Beware of fake vintage.

As vintage costume jewelry becomes more and more mainstream, so do the opportunities for counterfeiters to fake the old “costume” thing and take advantage of its growing popularity.

Spot the fake: The gold bracelet is new, the grey fox bracelet is from the mid 1950s and is signed Hobé

Mainly coming out of India and China, these fake vintage costume pieces copy designs and even forge signature marks of jewelry designers from the past. I’ve seen fake 1950s pieces falsely signed Hobé, Carnegie, and Schiaparelli and have seen more items claimed to be Juliana than I can count. Don’t even get me started on Chanel. All these designers are popular with collectors and therefore, a chance for fakers to make a lot of money. I’ve even seen a major department store in New York City have a couple of fake vintage pieces in their cases—to give them the benefit of the doubt, I think their buyer didn’t know the difference, as opposed to them willingly deceiving their customers.

So how do you protect yourself from a vintage fake? The easiest way is to buy from a dealer you trust. They live and breathe vintage and have seen so much, their eye can detect the true from the false. If you are buying online, look at the vendor’s rating and make sure they have enough positive feedback, and read any negative comments too. Always look at the back of the piece as well as the front, and closely examine the images or actual piece for signs that it is real or fake.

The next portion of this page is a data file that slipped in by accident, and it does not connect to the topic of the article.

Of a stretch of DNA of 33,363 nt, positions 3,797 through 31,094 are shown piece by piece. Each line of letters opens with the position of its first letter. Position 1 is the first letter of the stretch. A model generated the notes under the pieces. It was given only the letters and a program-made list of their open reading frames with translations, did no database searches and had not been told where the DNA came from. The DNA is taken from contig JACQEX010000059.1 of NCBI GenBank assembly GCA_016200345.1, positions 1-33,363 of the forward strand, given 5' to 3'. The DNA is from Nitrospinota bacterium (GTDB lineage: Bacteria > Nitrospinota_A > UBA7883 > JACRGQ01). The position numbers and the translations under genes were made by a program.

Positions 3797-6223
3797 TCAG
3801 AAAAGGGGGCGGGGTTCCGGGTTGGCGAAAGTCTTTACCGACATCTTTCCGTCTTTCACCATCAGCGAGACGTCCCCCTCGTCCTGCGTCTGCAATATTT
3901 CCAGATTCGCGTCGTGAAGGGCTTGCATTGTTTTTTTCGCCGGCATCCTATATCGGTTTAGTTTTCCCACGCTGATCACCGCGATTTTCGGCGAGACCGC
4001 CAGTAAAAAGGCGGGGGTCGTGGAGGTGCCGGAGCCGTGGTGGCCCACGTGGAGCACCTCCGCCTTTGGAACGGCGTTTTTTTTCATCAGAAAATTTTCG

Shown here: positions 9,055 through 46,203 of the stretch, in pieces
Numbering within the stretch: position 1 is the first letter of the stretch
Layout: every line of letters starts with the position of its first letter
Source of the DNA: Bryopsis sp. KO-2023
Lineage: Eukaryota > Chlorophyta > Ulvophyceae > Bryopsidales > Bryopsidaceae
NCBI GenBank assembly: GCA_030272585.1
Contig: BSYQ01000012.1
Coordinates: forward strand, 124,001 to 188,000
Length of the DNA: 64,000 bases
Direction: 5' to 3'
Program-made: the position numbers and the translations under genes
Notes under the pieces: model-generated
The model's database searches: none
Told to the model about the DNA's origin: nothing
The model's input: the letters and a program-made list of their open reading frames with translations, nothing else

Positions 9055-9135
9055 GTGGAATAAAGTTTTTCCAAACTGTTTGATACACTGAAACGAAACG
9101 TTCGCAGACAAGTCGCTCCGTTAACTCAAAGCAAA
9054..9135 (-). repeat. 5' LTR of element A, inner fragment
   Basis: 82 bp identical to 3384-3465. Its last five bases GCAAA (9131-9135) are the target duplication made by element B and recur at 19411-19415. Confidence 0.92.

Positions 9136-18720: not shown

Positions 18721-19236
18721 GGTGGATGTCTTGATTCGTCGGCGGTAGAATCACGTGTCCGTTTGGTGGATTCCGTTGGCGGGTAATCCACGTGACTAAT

Things to watch for: An overly yellow/canary-colored gold (typical of fakes manufactured in India), too perfect a condition (if it has been worn, some light wear should be expected), a signature stamp that is raised vs. pressed into the metal, a separate signature shield that looks like it has been added on later (a lot of Hattie Carnegie fakes have the cartouche with the name just stuck on a newer piece), and the size of the item—chunkier proportions and more raised stones are signs of fakes. The original jewelry was well proportioned and lay smoothly on the skin.

These are just a couple of pointers. To start learning more, I suggest going to vintage shows and shops in your area, getting books specifically on vintage costume jewelry and the well known designers, and even renting old movies to really look at the costume designs of the day.

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